Moblin 2.0 is one of the best operating systems of its kind we've seen. The clean and slick interface offers easy access to the majority of functions that most users will be looking for.
Fast, simple interface; optimised for netbooks; excellent browsing capability.
Lack of customisation; rough around the edges.
Intel recently unveiled a publically available beta version of Moblin 2.0, the next iteration of the chip maker's Linux-based operating system designed for netbooks.
Although Intel has had a long standing partnership with Microsoft, the company has teamed up with Novell to develop Moblin specifically for the growing market of netbooks and mobile internet devices.
The install is pretty straightforward, but creating a bootable install disk is slightly more difficult than with some other operating systems. However, the Moblin site provides plenty of detailed information to get you up and running.
Furthermore, you can opt to run the beta from a CD or USB key without installing it first. You won't be able to save any settings, but you'll have the option of testing the operating system and its features without going through the process of installing it.
Once up and running, users are presented with a remarkably bare backdrop and an auto-hiding toolbar along the top, providing a static set of tabs to all of Moblin's features.
First and foremost is Myzone, which gives a general overview of your life. The screen is split into three panels. On the left you'll find a calendar as well as links to your favourite applications, the centre panel highlights recently accessed files and web sites, while social network updates are on the right.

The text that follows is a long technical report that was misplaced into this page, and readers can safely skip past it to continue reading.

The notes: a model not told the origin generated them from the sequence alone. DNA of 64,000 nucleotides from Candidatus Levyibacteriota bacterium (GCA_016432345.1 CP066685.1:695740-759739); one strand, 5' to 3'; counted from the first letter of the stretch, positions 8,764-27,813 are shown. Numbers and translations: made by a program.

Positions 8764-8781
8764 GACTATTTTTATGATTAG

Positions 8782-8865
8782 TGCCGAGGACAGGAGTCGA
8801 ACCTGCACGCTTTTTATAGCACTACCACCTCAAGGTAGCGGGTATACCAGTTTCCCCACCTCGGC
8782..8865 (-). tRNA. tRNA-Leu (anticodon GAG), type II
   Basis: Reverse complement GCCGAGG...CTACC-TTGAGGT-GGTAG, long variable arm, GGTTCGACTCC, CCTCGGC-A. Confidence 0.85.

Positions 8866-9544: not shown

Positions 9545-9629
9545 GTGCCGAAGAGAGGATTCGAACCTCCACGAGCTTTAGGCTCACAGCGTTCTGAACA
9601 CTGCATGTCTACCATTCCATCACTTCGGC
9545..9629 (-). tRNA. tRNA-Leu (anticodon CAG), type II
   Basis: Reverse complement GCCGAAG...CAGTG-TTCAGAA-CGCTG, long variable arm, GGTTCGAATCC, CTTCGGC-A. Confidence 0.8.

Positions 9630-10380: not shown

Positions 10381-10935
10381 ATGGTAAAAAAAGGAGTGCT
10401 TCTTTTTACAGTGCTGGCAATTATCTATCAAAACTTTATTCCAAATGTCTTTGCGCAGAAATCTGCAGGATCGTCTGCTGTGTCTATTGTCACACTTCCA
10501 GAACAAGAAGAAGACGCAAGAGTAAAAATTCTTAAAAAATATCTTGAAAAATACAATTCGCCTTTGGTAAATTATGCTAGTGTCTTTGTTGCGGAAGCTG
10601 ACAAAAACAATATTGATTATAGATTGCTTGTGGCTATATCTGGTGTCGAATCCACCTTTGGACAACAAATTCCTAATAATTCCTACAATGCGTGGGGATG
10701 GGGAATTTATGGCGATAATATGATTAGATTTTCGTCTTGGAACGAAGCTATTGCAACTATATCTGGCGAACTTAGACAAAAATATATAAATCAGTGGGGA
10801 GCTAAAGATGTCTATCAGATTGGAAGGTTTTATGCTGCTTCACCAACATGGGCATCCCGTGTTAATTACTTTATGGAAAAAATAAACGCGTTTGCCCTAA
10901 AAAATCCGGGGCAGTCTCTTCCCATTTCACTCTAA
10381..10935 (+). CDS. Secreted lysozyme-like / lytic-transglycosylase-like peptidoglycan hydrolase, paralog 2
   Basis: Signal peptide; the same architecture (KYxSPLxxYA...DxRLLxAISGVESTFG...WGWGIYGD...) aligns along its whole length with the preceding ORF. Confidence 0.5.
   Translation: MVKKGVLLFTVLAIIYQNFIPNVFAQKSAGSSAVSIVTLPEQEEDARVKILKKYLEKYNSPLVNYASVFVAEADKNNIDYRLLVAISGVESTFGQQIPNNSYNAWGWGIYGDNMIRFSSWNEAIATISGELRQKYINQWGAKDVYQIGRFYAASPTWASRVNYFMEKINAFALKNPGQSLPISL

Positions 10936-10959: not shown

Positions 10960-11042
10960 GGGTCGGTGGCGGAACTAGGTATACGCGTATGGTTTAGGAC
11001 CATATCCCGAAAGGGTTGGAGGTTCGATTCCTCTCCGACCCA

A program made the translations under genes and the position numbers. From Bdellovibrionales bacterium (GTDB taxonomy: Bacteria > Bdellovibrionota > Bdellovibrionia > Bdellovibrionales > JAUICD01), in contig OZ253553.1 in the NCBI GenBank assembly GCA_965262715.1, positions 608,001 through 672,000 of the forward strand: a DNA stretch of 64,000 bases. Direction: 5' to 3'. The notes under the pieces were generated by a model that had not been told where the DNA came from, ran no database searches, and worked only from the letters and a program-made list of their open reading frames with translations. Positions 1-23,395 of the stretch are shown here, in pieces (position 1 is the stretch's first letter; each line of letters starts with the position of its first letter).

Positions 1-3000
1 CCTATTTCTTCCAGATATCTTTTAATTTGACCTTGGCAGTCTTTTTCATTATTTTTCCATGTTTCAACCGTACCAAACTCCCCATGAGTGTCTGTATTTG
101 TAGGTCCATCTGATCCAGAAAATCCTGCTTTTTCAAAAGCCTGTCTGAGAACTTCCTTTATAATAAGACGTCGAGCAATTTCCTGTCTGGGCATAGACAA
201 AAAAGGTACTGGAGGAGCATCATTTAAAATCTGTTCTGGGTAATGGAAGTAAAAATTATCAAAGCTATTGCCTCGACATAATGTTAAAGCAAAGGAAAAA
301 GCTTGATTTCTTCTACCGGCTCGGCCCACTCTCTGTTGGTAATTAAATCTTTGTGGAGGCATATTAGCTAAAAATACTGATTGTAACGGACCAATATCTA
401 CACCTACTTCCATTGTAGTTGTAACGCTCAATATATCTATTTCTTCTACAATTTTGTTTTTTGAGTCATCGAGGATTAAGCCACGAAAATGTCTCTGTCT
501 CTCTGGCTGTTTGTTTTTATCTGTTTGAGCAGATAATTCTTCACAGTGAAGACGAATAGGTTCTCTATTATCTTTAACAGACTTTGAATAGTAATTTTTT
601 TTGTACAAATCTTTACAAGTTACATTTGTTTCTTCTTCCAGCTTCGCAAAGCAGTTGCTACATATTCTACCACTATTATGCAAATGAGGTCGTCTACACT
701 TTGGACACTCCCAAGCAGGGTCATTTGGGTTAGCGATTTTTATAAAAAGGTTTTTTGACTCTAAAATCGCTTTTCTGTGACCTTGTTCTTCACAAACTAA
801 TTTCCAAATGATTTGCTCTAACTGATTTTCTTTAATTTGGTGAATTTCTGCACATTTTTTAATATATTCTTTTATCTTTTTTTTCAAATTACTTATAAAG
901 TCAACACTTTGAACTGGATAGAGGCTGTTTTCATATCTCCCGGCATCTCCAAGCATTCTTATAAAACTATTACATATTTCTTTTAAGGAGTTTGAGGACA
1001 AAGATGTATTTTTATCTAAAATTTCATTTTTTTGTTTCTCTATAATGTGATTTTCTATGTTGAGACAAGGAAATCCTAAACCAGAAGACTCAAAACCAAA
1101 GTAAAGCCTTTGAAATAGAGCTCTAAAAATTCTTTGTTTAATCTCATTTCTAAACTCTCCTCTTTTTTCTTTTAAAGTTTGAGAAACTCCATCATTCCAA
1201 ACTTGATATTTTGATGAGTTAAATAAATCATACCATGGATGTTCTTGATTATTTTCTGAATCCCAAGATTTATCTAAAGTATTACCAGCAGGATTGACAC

The next tab is Status, which allows users to update their status on their favourite social networking sites. Only Twitter and Last.fm are supported at this stage, but more social networks are expected to be added soon.
This is followed by the People tab, which provides an interface to all your contacts. Although this section is still at a very early stage and has limited functionality, the aim is to provide an integrated list of contacts from across different platforms, as well as presence information and access to instant messaging.
The Internet panel is a browser based on Google's Chrome engine. As well as a full web browser, including the tabbed browsing seen in most browsers today, it includes an integrated 'automagic' bar that provides suggestions based on running, favourite and recently viewed web sites as users begin typing.
Next is the Media tab, which provides easy access to recently played and viewed media files and the ability to search for specific media. This section is also in its early stages, but Intel has plans for a playlist feature and other searching and sorting functions.
The Pasteboard allows users to store and manage multiple copied items, and makes it simpler to copy and paste between applications.